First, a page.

Ed Yong, I Contain Multitudes: The Microbes Within Us and a Grander View of Life (2016)
When I was asked to contribute a “book I should have read” to Keeping Up with the Penguins, this one sprang to mind. And spurred by that reminder, I did finally read it!
I can now recommend it to everyone for a good dose of actual scientific information, given the current state of anti-microbial hysteria. As you may already be aware, wiping out all microbial life in an area gives a free playing field for aggressive, resistant microbes to grow and become even more resistant, unchecked by the more benign ones that would normally surround them. It’s really, really not a great idea.
We need to find other ways to live with our invisible friends (and foes), other than spraying everything with disinfectant. When faced with a scary and overwhelming threat, that reaction is natural — and sometimes may be warranted — but as an overall policy, it’s already backfiring. (Did you know that 90,000 people in the US die each year from infections they pick up in the hospital?)
We need to learn more about how the microbial world really works, and about the interconnectedness of all life, before wildly destroying what we don’t even understand. The threats are real, but so is the potential to counter them in more life-enhancing ways.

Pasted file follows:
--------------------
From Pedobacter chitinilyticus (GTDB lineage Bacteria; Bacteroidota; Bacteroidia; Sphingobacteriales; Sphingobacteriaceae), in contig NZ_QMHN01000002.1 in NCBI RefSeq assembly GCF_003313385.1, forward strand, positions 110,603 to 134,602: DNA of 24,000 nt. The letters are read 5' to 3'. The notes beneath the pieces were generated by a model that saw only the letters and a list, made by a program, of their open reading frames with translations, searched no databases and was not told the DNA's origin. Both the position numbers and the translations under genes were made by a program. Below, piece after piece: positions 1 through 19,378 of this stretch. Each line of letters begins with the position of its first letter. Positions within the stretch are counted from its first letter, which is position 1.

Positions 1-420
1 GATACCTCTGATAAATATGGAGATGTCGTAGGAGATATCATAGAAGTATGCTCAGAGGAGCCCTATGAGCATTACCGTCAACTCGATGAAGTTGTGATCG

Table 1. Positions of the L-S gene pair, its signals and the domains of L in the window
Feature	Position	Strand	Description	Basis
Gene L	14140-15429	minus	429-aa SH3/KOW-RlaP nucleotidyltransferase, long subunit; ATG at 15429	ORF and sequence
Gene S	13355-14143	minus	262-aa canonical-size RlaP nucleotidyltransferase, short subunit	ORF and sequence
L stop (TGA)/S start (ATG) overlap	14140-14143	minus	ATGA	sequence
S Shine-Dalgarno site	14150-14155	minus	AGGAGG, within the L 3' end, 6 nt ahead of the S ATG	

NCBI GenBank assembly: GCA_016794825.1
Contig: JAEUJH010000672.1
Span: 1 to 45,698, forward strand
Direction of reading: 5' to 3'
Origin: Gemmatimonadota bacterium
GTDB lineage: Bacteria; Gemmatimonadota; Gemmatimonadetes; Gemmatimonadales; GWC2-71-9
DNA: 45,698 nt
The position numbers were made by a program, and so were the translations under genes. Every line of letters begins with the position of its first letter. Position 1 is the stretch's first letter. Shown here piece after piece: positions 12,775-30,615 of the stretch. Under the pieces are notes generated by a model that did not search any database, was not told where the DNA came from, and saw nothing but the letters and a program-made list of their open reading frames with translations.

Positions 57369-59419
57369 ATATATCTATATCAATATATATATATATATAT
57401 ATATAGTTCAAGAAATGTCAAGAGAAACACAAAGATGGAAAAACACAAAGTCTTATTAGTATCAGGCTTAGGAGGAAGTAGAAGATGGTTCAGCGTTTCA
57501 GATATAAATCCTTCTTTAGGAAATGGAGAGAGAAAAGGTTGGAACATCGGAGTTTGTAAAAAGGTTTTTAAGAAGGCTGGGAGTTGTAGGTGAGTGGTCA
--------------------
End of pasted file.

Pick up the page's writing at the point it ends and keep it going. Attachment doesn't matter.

Just a few of the things I learned from this book include:
- Microbes are everywhere, in vast numbers, and they play extremely important roles in the living world. No microbes, no life as we know it.
- Their discovery via the earliest microscopes started with wonder and open-mindedness, but then changed to a warlike narrative of “kill the bad bugs” that still haunts us today.
- There aren’t actually good bugs and bad bugs. The same microbe can play different roles even within the same organism. The key is for larger organisms to develop ways to manage and live with a variety of microscopic life.
- Symbiosis — living together — is a principle that is rooted within our very cells, the structure of which came about long ago through one microbe absorbing another that then gave it an energy boost and an evolutionary advantage.
- There are incredibly weird and fascinating examples of symbiosis in the natural world, enabling organisms to resist toxins, fight off unwanted invaders with antibiotics, and even glow in the dark. Biologists are just beginning to understand these relationships.
- The “microbiome” makes an important contribution to evolution, which is based not only on an organism’s own genome but on the microbes it inherits or acquires — something that can cause sudden and dramatic changes in evolutionary processes that are usually much slower and more gradual.
- Microbes may play a role in treating mood disorders, obesity, antibiotic-resistant infections, and other ailments. The possibilities are very exciting, but a lot more research is needed, so don’t start doing your own fecal transplants.
- Breastfeeding plays a unique and surprising role in forming an infant’s microbiome for life.
- Sterile, microbe-free mice (used for lab experiments) are bizarre and unhappy creatures.
Ed Yong is a fine guide to this complex topic, with a clear and engaging style that can speak to non-scientists without undue oversimplification — something that is unfortunately often done in the popular press. Aggressive calls for extermination and overhyped touting of probiotic health cures are both too extreme and short-sighted. To counter this, we need to learn more, to have our eyes opened to the hidden world that lies all around and within us. Our life on earth truly depends upon it.